Its time for my annual pre-season predictions. I always manage to get a few of these dead wrong, and if teams feel slighted that I didn’t pick them higher, its fair game to tell me “I told you so” at the end of the year.
West Division Predictions
1st Place – Saskatchewan Rush
Some people might say this is the safe pick, but the Rush are still at a different level in their skill and cohesion than the rest of their western counterparts. Yes it was the preseason, but the Rush were a whopping 7 for 8 on the powerplay in the exhibition game against Calgary, with both teams putting in their expected special teams lineups, with the exception of Robert Church. Once Church is signed, the Rush have that much stronger of a powerplay unit.
The one difference the Rush may face this year with some gaps to fill on the defensive side is winning games 15-13 instead of 11-9. However, Nick Finlay will be just fine making the move to an every day starter and Travis Cornwall looked reasonably comfortable in the Rush defensive system in the exhibition game.
And to think, the Rush have three 1st round picks next offseason, theirs, Toronto’s and Vancouver’s.
2nd Place – Colorado Mammoth
The only debate in this prediction in the west was whether I put Colorado or Calgary 2nd, and you could still convince me to change my mind on it, its that close. So I’ll leave it to this, Colorado finishes 2nd in the regular season, and loses to Calgary in the west semi-final.
If you compare the two teams, goaltending is pretty much even, Calgary has an advantage on offense (although the likes of Keogh, Benesch and Noble is still a lethal combination), but I simply like the consistency of Colorado’s defense far better. So when I’m picking at straws, its the small difference that makes the choice for me. Plus, the addition of Andrew McBride is a major pickup for the Mammoth that will only enhance the team defense even more.
3rd Place – Calgary Roughnecks
I’m going to assume for now that Curtis Dickson and Wes Berg do ultimately sign and end their holdout before the season starts, or in the worst case scenario, they miss just one game. Calgary has a potent of an offense as anyone in this league at the moment with the likes of Dickson, Berg, Dobbie, and now Duch and King. Zach Currier will be terrorizing opponents in transition all year once again.
One key as to how far Calgary will go this year is whether Christian Del Bianco can repeat his amazing performance from last season. Not only is he the most athletic goaltender in the league, but his strong stick skills are a massive danger to any opponent feeding players well down the floor. If he can repeat, or even improve on last season, Calgary will be very dangerous.
Calgary’s issues are on defense and watching their preseason game in Saskatoon, those problems still exist. The lack of faith on my part in their defense is why I have them ranked as low as I do.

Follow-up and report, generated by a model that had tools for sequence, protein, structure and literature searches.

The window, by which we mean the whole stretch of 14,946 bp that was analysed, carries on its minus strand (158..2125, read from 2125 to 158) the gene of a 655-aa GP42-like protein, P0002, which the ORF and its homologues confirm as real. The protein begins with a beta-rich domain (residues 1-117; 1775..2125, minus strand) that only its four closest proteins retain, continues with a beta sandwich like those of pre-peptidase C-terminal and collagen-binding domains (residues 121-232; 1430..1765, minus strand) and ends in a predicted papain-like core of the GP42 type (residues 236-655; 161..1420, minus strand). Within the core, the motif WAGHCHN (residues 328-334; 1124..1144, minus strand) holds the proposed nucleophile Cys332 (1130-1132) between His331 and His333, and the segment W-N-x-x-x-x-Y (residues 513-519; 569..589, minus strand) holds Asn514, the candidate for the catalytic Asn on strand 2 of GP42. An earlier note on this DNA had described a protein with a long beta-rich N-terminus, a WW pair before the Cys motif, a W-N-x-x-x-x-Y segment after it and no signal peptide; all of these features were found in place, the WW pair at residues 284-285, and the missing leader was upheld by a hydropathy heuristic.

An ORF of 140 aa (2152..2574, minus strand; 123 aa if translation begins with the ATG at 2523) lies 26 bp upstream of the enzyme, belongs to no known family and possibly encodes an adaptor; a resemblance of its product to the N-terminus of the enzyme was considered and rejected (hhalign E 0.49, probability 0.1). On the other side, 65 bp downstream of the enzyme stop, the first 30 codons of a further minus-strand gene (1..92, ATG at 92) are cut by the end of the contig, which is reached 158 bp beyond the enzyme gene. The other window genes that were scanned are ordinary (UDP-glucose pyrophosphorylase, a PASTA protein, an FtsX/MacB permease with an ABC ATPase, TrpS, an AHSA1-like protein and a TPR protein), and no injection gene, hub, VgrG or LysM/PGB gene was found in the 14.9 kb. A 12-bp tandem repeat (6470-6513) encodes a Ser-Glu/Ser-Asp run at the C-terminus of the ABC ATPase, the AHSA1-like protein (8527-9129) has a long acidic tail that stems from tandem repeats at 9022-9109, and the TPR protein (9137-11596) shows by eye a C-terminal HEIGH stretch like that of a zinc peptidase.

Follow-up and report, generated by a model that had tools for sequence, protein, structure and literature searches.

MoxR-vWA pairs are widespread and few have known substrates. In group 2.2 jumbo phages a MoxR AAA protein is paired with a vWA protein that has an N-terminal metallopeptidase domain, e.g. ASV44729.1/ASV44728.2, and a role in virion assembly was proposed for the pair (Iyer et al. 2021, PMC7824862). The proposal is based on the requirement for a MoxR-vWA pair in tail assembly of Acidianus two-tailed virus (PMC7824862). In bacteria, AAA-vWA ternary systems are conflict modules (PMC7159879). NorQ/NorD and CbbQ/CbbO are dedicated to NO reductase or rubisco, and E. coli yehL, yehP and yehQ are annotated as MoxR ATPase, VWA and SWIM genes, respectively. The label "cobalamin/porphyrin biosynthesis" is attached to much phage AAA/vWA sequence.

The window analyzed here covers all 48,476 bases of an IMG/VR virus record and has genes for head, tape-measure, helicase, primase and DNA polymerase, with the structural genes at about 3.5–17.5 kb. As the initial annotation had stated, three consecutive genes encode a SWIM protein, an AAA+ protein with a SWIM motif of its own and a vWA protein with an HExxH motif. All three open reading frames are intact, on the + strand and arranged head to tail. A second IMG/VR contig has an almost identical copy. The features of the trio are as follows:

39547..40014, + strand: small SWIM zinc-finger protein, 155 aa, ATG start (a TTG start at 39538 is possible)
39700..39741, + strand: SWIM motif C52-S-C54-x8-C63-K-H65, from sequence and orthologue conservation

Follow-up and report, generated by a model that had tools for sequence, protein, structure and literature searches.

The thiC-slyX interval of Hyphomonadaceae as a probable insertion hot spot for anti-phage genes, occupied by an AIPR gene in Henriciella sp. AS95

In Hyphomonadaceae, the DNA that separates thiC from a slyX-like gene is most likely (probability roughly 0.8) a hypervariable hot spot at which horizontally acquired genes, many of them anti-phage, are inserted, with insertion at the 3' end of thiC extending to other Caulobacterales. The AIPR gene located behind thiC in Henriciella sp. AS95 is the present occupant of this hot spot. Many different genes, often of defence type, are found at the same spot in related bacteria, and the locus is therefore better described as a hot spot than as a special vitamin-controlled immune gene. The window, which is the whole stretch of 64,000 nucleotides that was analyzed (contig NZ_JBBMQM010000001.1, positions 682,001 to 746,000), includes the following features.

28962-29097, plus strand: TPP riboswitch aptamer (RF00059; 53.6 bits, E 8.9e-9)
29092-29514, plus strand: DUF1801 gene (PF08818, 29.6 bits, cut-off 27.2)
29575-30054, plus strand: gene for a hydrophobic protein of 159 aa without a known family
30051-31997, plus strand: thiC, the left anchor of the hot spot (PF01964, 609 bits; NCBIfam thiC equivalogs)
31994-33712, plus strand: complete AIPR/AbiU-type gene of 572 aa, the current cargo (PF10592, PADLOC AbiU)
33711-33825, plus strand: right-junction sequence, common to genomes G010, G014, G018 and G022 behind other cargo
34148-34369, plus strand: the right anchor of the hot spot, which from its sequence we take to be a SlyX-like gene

4th Place – San Diego Seals
San Diego is the big unknown this season as you have a lot of talented players in their lineup, but you never truly know how well they will work together, especially when their only preseason action was an inter-squad game. But I have enough faith in them that they won’t finish in the basement in the west.
The things the Seals have going for them are defense and goaltending. They have a proven starter in Frank Scigliano in net, which is a good sign to start, and they surrounded him with a lot of recognizable names in the expansion draft including Cam Holding and Adrian Sorichetti and then signed of the best Brodie Merrill in free agency. It was an interesting strategy to go a defensive route rather than a high flying offense to draw the crowd in, but its one that I think will pay off in the future in my opinion. Furthermore, San Diego has for the most part built a team based on youth, which too should pay long term dividends.
This isn’t to say their offense isn’t something to watch out for on its own. Bringing in vets such as Kyle Buchanan and Dan Dawson are going to give the youth the leadership they need to form that team identity. They also have Casey Jackson who is coming off of an amazing season in the WLA this past summer. And then you have Austin Staats. The sky is the limit for this kid if he can stay away from his off the field problems.
I’m expecting San Diego to win 5 to 6 games this year, but I’m still expecting that even a 5-13 record will be better than that of the Warriors.
5th Place – Vancouver Warriors
The building process in Vancouver this season is almost as large as it is for the expansion teams. A 2-16 season last year, and now Rhys Duch being released, Corey Small being traded and very few draft picks in the system this year and next year mean the task is a very difficult one.